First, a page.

Conflict & Justice

Brazilian general to head UN's DR Congo peacekeeping mission


The head of the M23 rebel military forces, Brigadier-General Sultani Makenga (R), sits on November 25, 2012 in the yard of a military residence in Goma in the east of the Democratic Republic of the Congo. Over half a million people have been displaced in eastern Congo since the outbreak of the M23 rebellion.



SÃO PAULO, Brazil — The UN has appointed Brazilian General Carlos Alberto dos Santos Cruz to lead a team of peacekeepers in a mission to the DR Congo.

The general, 60, who has been credited with bringing a Haiti slum under control, will come out of retirement to lead 20,000 troops, including a new combat force with the task of targeting rebels in the east of the country.

Santos Cruz told BBC's Newsday his troops would be trained to take into consideration civilians and private property in DR Congo.

More from GlobalPost: Rwanda commands M23 rebels in neighboring Congo, UN says

"The most critical area is nowadays the eastern part of the country," he told Newsday. "I am ready to face the most difficult of scenarios. The main objective is to relieve the suffering of the people."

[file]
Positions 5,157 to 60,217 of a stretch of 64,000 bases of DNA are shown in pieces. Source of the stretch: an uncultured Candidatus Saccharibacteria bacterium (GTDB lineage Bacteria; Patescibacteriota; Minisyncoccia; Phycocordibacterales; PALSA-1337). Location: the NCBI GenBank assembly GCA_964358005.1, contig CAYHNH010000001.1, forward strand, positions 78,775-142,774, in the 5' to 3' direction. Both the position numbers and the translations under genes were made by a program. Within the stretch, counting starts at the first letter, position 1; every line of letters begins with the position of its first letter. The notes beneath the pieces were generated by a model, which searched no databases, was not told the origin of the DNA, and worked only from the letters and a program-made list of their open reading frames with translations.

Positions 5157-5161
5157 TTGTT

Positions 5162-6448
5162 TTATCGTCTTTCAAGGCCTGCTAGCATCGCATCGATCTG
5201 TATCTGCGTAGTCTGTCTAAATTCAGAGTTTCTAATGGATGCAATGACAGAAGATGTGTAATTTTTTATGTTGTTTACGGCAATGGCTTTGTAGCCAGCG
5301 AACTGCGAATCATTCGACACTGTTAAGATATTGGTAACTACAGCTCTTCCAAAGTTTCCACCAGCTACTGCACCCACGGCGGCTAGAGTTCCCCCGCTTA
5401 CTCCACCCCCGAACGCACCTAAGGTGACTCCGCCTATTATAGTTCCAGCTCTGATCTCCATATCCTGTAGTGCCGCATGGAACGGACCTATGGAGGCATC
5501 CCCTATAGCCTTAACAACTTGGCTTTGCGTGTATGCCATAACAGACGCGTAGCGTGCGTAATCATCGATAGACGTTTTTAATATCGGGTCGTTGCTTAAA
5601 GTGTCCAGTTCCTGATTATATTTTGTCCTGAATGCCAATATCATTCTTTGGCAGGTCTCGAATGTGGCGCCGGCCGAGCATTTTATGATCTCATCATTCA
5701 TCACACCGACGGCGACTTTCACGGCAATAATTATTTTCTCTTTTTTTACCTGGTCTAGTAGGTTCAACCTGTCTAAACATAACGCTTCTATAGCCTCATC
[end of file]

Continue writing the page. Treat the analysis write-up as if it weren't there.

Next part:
The mission — the UN's first with an offensive mandate — will be carried out by soldiers from Tanzania, Malawi, Mozambique and South Africa, and should get off the ground in July.

The UN's current peacekeeping force in DR Congo, known as Monusco, has widely been called ineffective. Santos Cruz will now be in charge of a brigade of 2,500 that will be in charge of "neutralizing and disarming" armed groups who have been attacking eastern DR Congo for the past 20 years.

The country's most recent uprising, led by the M23, began in 2012 and forced 800,000 people to flee their homes. Neighboring countries Rwanda and Uganda have denied allegations that they support the M23.